Saturday, March 17, 2012

The Luck of the Draw

Between my article and my last blog post about the Magic Tattoo Festival, I am getting pretty sick of the words "Magic Tattoo Festival".  However.

When we were at the temple, we did notice an array of animal statues displayed on the grounds.  We wondered if perhaps these were representative of the animals that people were invoking the spirits of.  Could these be the choices that the spirits get to pick from?

If this is true, then what if you get stuck with the apprehensive boar?

Hey guys, is there a party tonight?  I'm totally free!

Do your friends make fun of you if get the effeminate tiger?


Can becoming a poorly proportioned frog be considered a spiritual experience?


If you get the sad gorilla with body-image issues two years in a row, do you think Seriously?  This again?


And when you get the smug rabbit, do you just pretend you never went to the festival?

You seriously haven't heard of this band?

Food for thought.

Tuesday, March 13, 2012

But Is It a Magic Tattoo?

Everyone's got tattoos these days.  Tribal tats, butterfly tats, ambiguous Chinese symbol tats.  I've got a tat, I'm not gonna lie.  It's a lotus flower that I got on my wrist in Nepal when I was twenty.  When I was busy walking around Kathmandu, draped in scarves, finding myself.  Immediately after I got it, I panicked a little.  Was it a flower?  Or a soccer ball?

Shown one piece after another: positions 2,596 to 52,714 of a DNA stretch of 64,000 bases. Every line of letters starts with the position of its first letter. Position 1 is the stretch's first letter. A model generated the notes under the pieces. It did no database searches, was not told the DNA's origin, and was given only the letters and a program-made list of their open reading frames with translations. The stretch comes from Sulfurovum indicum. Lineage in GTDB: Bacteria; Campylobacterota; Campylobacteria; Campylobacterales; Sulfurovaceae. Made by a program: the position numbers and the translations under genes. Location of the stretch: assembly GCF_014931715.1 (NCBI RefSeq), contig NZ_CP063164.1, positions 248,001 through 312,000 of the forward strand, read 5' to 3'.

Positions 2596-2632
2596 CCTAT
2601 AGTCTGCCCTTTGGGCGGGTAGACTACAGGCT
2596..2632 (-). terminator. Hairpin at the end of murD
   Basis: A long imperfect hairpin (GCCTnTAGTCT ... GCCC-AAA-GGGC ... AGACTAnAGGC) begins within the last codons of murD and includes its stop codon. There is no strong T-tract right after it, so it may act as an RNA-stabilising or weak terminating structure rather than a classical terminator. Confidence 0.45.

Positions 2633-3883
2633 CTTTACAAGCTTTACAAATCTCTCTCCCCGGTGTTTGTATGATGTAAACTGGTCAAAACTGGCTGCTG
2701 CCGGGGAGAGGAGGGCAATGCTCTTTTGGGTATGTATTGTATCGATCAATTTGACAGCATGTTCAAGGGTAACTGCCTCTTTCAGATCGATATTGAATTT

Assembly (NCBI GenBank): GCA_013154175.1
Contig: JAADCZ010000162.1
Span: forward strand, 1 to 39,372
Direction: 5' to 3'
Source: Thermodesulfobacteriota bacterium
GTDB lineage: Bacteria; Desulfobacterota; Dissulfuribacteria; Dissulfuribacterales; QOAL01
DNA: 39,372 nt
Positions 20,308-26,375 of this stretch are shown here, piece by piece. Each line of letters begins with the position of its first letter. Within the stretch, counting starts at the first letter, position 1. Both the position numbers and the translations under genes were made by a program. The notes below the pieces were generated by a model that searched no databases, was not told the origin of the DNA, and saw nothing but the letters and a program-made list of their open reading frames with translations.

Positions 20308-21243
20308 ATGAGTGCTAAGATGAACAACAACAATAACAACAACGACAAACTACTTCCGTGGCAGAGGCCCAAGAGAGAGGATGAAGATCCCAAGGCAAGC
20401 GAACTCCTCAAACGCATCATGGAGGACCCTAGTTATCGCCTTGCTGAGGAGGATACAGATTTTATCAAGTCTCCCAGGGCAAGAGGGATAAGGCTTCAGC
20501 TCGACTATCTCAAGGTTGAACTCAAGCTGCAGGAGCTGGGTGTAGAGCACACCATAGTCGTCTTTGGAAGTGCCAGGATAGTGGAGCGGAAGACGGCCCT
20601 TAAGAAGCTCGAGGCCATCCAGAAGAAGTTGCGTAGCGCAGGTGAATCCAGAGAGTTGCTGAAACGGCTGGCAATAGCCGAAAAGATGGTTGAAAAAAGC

Nobody knows for sure, but around World Cup time, it seems to come in handy when I'm packed into a bar with overzealous soccer fans.  I'm really into this!  It says, as I down another beer, and feign interest in whatever is happening on the big screen.

The real question, though, is not whether it is a flower teeming with hope and possibility or a soccer ball, teeming with...Pele-ness.  The question people never ask is if it's a magic tattoo.

Spoiler alert:  It's not.  But here in Thailand, people take tattoos and their spiritual significance quite seriously.  Every year in March, the Sak Yant Magic Tattoo Festival is held at Wat Bang Phra, 30 miles west of Bangkok.  It is a time for those who have received spiritual tattoos from the monks of the temple to come back and get them "recharged" for a new year.  People receive many different types of tattoos from the monks: animals, mythical creatures or Thai and Sanskrit script.  The monks are said to channel the energy of Luang Poh Pern, a monk who studied magic and sorcery at the temple.

The reason that the festival is so well-known is because those who have received the tattoos are known to slip into a trance, often channelling the animals of their tattoos.  I went to the festival, prepared to see men (and a few women) growling like tigers and howling like monkeys.  This was quite intriguing to me, and I imagined a large crowd, and then a sort of...corral (?) in the front where these people/animals would frolic.